"Based on the evidence before the court, the court finds that no condition or combination of conditions will reasonably assure the safety of the community," Barnard said in his order. He ordered that Blyden be held, without prejudice, in the custody of the U.S. Attorney General and kept at a corrections facility away from other individuals awaiting or serving sentences or are being held pending appeal. Corrections' warden will deliver Blyden to the U.S. Marshals Service for court appearances, Barnard ruled.
During last month's detention hearing, Blyden's mother Margaret Rawlings and union supervisor Lt. Joseph Gumbs defended Blyden, saying that the was not violent nor a threat to the community. Gumbs said he was aware of excessive force allegations against Blyden, but testified that none of the charges had been confirmed. He said he was unaware, however, of decades-old allegations of assault, conduct unbecoming a police officer or acts of intimidation attributed to Blyden.
However, former V.I. Police Department Director of Internal Affairs Ray Martinez testified during the hearing that the department had twice attempted to perform psychological evaluations on Blyden, and both times, Blyden tried to intimidate the psychiatrists.
"Mr. Martinez testified that one psychological evaluation was initially commended by Dr. Derek Spencer; however, the psychological evaluation was never completed because Dr. Spencer was troubled by the defendant's erratic behavior and refused to continue to see the defendant," Barnard wrote in his recent order.
In summarizing Martinez's testimony, Barnard noted that a slew of complaints were filed against Blyden between 1997 and 2004, including:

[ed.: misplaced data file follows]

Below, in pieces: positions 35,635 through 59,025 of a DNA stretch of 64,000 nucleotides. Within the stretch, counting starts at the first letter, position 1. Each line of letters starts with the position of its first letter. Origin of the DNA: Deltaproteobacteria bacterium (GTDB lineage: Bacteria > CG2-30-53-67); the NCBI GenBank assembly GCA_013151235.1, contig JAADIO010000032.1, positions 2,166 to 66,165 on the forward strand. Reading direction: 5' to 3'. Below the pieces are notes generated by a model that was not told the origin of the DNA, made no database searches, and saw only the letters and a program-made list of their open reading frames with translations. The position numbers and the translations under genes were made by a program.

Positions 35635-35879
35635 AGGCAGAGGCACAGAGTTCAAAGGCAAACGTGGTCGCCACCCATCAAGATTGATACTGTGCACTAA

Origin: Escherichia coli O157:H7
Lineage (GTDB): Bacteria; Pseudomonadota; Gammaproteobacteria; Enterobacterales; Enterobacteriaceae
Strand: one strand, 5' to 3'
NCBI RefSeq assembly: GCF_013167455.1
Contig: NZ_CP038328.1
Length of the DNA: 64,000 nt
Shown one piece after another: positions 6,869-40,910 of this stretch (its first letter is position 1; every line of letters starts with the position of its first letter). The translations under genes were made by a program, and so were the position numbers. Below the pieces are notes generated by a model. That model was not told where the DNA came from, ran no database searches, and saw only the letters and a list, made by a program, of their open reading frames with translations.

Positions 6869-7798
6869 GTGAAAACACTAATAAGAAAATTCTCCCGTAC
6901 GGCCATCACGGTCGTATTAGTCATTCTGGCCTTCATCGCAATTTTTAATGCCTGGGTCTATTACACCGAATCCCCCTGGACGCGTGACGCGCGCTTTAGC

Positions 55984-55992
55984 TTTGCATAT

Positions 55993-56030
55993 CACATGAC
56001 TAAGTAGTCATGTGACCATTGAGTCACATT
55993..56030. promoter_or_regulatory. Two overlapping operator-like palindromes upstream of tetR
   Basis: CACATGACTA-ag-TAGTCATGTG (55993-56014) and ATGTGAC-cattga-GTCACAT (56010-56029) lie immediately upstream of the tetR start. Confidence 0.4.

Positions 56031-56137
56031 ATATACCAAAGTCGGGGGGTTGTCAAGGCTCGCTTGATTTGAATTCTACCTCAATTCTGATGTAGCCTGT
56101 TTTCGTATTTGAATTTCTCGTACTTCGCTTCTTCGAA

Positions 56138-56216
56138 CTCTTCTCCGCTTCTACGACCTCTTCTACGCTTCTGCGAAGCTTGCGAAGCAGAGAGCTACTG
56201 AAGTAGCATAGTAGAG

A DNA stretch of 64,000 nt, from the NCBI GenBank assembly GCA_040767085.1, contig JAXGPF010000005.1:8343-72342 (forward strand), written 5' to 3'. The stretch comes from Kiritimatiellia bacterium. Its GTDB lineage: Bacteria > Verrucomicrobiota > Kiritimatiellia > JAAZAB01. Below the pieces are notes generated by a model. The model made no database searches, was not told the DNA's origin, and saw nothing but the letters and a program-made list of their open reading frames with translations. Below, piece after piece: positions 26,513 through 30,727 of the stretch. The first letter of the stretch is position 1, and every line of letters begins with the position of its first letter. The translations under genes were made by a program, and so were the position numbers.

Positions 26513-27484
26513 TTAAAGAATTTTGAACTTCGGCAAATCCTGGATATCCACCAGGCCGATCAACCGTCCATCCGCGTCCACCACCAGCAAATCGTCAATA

- four complaints of assault/battery, all subsequently dismissed for insufficient evidence;
- two harassment complaints (one did not have a disposition and the other was referred to Command Zone C);
- three complaints of threats and intimidation (two were closed because of insufficient evidence and the third was closed because the witness was not cooperative);
- one complaint of brandishing a weapon at a Superior Court marshal (that complaint is still pending);
14 complaints of conduct unbecoming a police officer (Blyden was disciplined on three of the complaints, while the remaining 11 were either dismissed or their dispositions are unknown); and
- one complaint from a woman who said Blyden stole $600 from her (the disposition of the complaint is unknown).
After his arrest last month, Blyden was suspended from the department without pay. He will be arraigned at 10 a.m. Wednesday in District Court.
Back Talk


Share your reaction to this news with other Source readers. Please include headline, your name and city and state/country or island where you reside.